In this podcast, they talk about how the training for peri and post-menopausal women differ from the general population, and what kind of things Anne is seeing as far as how to train this unique population and how we should be thinking about, not only as clinicians, but as general population to best help these women achieve their goals.

Mike refers back to a menopause episode of the podcast, to give a brief overview of the more “medical” version of what menopause is:

  • Peri menopause is the beginning decrease in the production of hormones estrogen and progesterone.
  • Effects include difficulty with temperature regulation, difficulty putting on muscle mass, to loss in bone density, increase in depression, and many more
  • Menopause occurs on average around the age of 50 but can happen anywhere from 40 to 60 years of age.

Athletes experiencing peri menopause and menopause can make nutritional improvement to better fuel their training. Anne highlights:

  • Protein, protein, protein!
  • Protein with Leucine and other essential amino acids
  • Lots of fiber
  • When you are training, you need carbohydrates, essentially to get them in before workouts, you don’t metabolize carbohydrates as well when you’re not training. Post workout, limiting carbohydrates to the recovery window then try to diminish your carbohydrate intake as long as you took in enough carbohydrates during your workout and immediate post recovery.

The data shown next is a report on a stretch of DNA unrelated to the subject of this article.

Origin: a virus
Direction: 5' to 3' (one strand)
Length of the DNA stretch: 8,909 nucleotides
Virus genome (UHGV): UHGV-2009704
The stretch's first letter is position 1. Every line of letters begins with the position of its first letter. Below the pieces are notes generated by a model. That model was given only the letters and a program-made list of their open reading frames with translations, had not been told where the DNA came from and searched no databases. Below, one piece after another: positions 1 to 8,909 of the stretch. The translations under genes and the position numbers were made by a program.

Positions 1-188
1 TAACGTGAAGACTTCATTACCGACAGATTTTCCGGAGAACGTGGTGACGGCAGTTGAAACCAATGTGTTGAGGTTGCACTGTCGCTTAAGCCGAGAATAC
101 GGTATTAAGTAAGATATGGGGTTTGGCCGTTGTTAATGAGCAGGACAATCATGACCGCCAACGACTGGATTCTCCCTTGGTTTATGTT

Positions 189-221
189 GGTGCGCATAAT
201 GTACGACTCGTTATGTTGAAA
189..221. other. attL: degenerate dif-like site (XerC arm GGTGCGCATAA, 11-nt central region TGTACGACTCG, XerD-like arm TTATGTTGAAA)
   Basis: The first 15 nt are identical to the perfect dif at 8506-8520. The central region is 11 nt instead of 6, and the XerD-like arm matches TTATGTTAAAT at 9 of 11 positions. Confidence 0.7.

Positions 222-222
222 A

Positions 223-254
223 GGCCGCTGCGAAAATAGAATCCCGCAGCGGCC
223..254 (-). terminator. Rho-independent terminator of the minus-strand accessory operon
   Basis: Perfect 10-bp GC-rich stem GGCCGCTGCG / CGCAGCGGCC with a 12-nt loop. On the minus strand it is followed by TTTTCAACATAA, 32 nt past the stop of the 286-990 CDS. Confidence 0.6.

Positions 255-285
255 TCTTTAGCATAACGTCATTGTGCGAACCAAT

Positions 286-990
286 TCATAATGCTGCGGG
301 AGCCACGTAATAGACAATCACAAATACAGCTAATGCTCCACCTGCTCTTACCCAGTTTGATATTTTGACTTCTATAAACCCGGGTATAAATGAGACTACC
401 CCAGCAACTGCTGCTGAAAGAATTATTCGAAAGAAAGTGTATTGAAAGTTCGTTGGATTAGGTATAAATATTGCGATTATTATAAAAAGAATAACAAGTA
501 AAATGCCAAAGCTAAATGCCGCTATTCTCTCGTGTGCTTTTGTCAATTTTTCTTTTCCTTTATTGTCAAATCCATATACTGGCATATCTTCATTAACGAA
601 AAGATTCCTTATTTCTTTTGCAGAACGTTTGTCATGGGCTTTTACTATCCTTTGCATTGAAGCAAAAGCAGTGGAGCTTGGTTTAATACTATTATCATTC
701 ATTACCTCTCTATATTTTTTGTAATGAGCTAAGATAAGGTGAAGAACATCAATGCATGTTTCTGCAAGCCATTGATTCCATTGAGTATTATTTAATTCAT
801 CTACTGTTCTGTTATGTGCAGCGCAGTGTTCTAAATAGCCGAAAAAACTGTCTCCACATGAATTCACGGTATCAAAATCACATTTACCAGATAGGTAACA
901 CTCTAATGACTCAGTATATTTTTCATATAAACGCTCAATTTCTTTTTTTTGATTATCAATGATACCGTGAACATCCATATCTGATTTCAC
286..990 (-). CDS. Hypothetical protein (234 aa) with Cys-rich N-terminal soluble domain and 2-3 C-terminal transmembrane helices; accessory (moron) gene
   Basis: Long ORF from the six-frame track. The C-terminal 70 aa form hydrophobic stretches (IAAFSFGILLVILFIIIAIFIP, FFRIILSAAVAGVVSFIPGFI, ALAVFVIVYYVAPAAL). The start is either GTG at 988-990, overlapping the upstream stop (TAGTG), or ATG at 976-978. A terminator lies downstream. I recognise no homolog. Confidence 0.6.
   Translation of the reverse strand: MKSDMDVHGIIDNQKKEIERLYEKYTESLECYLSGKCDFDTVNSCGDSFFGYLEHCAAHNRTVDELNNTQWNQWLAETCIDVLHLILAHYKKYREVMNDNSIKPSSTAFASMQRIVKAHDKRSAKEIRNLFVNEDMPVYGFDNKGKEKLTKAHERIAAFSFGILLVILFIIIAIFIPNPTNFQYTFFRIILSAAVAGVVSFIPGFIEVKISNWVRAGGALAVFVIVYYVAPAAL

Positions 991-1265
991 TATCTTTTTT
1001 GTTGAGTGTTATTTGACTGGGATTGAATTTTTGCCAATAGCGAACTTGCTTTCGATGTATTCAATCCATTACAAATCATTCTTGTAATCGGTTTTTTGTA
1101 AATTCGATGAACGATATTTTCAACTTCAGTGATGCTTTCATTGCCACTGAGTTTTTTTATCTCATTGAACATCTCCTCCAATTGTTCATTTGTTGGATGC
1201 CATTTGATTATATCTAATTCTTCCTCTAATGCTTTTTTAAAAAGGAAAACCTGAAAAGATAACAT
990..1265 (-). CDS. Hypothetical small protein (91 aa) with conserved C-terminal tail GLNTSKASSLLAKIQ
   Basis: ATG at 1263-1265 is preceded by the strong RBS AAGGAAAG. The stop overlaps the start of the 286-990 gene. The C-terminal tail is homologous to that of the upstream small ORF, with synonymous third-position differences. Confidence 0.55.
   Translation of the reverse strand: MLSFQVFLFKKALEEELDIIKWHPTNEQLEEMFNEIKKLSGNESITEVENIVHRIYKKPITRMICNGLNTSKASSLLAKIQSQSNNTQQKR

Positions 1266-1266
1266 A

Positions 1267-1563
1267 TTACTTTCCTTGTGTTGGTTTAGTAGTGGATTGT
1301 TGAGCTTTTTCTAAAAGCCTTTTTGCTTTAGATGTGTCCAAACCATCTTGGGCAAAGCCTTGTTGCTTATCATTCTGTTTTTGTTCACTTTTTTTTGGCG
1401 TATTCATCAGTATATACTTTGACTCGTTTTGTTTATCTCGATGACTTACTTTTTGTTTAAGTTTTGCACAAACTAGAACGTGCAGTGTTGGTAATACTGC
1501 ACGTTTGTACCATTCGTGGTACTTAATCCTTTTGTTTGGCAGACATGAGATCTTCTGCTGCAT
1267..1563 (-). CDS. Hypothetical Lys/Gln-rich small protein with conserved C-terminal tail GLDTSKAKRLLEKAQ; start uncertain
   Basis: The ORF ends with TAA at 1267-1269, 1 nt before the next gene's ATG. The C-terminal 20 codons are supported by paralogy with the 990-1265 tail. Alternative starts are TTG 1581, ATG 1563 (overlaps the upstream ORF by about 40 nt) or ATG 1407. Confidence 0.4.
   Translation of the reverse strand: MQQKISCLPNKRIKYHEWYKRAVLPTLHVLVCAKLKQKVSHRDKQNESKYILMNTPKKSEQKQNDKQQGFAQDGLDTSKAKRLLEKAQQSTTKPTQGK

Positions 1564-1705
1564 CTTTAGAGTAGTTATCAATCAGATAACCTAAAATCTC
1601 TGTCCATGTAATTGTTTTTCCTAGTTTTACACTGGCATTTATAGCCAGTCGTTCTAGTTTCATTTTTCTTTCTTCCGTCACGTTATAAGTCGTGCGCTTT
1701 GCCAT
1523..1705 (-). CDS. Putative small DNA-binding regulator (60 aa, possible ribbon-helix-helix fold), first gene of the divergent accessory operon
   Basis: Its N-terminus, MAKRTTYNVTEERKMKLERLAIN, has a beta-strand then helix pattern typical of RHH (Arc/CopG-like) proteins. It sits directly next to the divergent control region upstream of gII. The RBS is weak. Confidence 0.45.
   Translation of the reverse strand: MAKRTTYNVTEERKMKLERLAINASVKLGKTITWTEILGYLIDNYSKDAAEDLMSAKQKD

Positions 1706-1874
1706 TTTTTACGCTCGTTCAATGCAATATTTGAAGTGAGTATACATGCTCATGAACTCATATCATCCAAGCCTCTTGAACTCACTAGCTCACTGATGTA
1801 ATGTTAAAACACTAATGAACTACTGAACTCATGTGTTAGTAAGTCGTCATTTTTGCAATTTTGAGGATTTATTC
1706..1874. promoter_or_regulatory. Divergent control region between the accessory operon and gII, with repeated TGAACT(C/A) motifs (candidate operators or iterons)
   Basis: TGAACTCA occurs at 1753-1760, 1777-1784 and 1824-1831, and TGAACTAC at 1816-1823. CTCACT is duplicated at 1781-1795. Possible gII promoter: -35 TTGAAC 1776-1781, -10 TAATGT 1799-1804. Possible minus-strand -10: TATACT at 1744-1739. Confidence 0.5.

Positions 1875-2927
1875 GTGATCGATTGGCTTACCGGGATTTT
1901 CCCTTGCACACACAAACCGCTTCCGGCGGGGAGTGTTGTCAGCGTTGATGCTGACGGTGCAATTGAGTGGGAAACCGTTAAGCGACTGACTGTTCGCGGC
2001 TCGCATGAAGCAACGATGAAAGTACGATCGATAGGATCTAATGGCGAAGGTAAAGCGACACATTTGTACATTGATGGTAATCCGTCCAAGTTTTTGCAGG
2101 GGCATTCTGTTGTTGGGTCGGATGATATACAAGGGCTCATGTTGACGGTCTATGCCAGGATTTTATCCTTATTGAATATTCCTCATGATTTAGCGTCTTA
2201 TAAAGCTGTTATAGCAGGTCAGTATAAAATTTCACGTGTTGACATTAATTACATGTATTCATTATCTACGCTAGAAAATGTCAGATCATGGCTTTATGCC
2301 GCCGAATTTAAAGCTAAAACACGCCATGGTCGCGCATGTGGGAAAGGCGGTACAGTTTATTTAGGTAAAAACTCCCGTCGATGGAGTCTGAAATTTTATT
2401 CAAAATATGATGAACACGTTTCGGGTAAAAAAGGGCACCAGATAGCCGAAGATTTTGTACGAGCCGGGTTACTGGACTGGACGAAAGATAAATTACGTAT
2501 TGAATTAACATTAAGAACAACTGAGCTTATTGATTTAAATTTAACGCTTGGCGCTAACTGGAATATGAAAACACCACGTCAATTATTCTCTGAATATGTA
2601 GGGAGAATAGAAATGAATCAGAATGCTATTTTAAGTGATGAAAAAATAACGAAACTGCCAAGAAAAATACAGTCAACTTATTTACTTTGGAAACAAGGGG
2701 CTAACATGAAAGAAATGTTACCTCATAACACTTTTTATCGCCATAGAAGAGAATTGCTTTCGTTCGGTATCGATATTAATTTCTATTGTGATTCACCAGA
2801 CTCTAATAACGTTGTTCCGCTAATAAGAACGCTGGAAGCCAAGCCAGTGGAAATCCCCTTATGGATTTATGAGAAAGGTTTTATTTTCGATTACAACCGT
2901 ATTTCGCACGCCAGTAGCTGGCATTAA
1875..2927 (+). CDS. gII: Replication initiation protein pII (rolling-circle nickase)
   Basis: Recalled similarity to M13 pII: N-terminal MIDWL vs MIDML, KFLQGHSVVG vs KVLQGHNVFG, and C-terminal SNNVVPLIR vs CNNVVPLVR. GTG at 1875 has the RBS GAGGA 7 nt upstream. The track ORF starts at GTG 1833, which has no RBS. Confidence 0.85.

• Good quality complex carbohydrates, sourced from real foods not “Twinkies” as Mark comments
  • “Hydration in the bottle, food in the pocket,” to quote Dr. Stacy T. Sims, MSc, PhD (Environmental Exercise Physiologist- Nutrition Scientist; Expert in Hydration, Nutrition and Sex Difference)
  • Although there’s not extensive research on it yet for women athletes, some women may find it beneficial to do time-restricted eating on their off-days, then implement higher carb real foods on training and performance days.
  • Peri and post-menopausal women need to pay attention more (than others) to how their bodies are responding to dietary changes. What helps one, will not help another.